Q&A Tuesday: Am I too scared to commit?

Dear Jerome,
I've always lived a lot of places and done a lot of new things workwise, but now that I'm getting older, I worry that I haven't chosen a true path, that I'm afraid of committing. What should I do?

Well if there’s a silver lining to your situation it’s this: only privileged folk get to ponder their “true path” because they’ve managed their affairs so well: No student loan debt, no shortage of square feet, no child in rehab, and no spouse who carries his phone into the shower (having fear that you’ll discover something you already suspect). 

It’s funny how high achievement often leaves us feeling bored with our current situation, feeling detached and lifeless, offering courtesy laughs and smiles but never having real fun, and the biggie: feeling like our time and efforts don’t mean crap to anybody.

But I’m going to give it to you straight: Keep on pondering like this and your BMI is gonna sky rocket! In fact, you might already be in the fattening stage that happens right before being sent to the slaughter house, i.e., feeling way too dead on the inside. 

So let’s define true path
When you say “true path,” I hope you know that this is not a path that necessarily feels good, make you look good or is void of suffering. If you want truth, you have to suffer. The wilderness is not air conditioned. You have to work a lot of late hours. There’s no yoga-in-the-middle-of-the-day here.

That’s right: True paths come at the cost. You have to shed pride, arrogance, self assassination and self hate. 

But I live and encourage others to live in a way that there is something transcendent achieved in all their efforts. That is, if others are elevated or uplifted as a function of your current path, you’ve chosen a true path. Going into debt to be a social worker or a teacher can mean you’ve chosen a path with fruits greater than the debt, a path that yields a gift that keeps on giving. 
Now on to this afraid of committing thing
The “afraid of committing” piece is probably the most dangerous thing you mentioned because it just wreaks of stagnation. And it’s the highest caloric and least healthy stunt you’re pulling.

But wait. Don’t go buy bigger clothes. There is a solution to this.  

•If you’re really ballsy, hope for a crisis. Greatness is born only out of tragedy and crises. You don’t just decide to be great, you have to “earn” it. A crisis can help resolve your stagnation.

•If you’re not so ballsy, join a cause that involves a crisis, be it Tea Party or Occupy. Just join up with something that yields a product that transcends simply serving your ego.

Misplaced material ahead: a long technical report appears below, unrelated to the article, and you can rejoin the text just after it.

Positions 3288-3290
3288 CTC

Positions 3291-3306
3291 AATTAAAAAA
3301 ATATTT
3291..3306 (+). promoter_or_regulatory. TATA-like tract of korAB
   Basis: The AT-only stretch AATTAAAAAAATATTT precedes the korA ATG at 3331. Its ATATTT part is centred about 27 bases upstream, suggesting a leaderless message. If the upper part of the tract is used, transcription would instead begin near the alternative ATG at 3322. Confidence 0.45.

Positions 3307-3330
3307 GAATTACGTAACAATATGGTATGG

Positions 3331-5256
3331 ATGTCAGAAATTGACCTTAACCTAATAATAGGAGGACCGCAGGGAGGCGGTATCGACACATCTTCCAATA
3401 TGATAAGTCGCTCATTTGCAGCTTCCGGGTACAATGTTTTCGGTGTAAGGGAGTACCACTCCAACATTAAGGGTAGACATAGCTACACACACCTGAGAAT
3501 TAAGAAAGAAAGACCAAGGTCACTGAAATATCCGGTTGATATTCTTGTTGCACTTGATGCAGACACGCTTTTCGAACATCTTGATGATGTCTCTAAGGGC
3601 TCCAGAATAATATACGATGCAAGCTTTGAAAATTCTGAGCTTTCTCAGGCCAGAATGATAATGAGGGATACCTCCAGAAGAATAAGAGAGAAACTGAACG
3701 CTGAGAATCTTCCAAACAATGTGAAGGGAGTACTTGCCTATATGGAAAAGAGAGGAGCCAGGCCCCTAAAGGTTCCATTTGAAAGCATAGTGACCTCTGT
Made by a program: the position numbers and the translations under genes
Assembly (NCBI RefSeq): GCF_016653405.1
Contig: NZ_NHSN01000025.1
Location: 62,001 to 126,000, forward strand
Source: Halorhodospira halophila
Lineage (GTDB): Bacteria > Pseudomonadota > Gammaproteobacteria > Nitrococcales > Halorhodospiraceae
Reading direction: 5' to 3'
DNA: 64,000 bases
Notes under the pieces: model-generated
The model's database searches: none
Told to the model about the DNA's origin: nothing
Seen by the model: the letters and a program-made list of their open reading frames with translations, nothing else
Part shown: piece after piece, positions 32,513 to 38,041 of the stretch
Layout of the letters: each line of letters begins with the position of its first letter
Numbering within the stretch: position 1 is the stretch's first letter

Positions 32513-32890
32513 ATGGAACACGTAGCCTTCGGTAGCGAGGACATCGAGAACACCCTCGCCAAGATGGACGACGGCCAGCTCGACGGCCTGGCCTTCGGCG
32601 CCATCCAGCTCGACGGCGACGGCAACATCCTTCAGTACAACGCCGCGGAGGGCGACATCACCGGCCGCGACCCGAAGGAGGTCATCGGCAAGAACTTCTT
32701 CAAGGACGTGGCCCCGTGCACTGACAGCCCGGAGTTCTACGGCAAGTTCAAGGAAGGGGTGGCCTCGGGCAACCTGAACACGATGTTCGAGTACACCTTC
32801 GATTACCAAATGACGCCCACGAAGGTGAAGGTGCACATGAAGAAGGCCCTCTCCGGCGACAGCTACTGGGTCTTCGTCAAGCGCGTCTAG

•Buy a sandbox and invite tons of people over to share with you.  

The point of all of these things is just do something and stop waiting for the right path to come along. If you want to attend one of the Ivys, you have to apply. Your commitment to a path is essentially like applying to life by pulling your thumb out of your you-know-what and detaching from your thoughts.
On the other hand, be where you are
I know it’s heartbreaking to think that the life you really want and deserve is out there and you just haven’t found your way to trailhead. I know it’s terribly disappointing to think that where you are today is all you get to have and it is not the path that you were meant to be on. And I know that your heartbreak and disappointment is born out of denial, magical thinking, resistance to reality, and vanity. 

You are on the path that you were meant to be on, so stop tormenting yourself about where you are and bemoaning where you should be. Here are the questions you can ask yourself that will take you out of this funk: Where am I most useful today? Where would the greatest yield be derived from the use of my skill sets? Who is up for a dinner party tonight? Where will commitment to these answers take me? This trumps the path questions because things you can control today don’t give you decision fatigue.  
I’ve been called too cynical and suspicious by a few because I just abhor high falutin’ “follow your heart and it will manifest your destiny” talk. And that’s because I firmly believe that the truth is in reality and real love is born out of embracing reality no matter what the reality might be. 

(Remember, nothing great comes easy).

And before you think that you don’t want me as your coach because I ain’t magical enough, I want to make sure you know one important thing: I’m keeping it real because you deserve it and I love you! There’s no deeper truth than that.

Be peace, be love,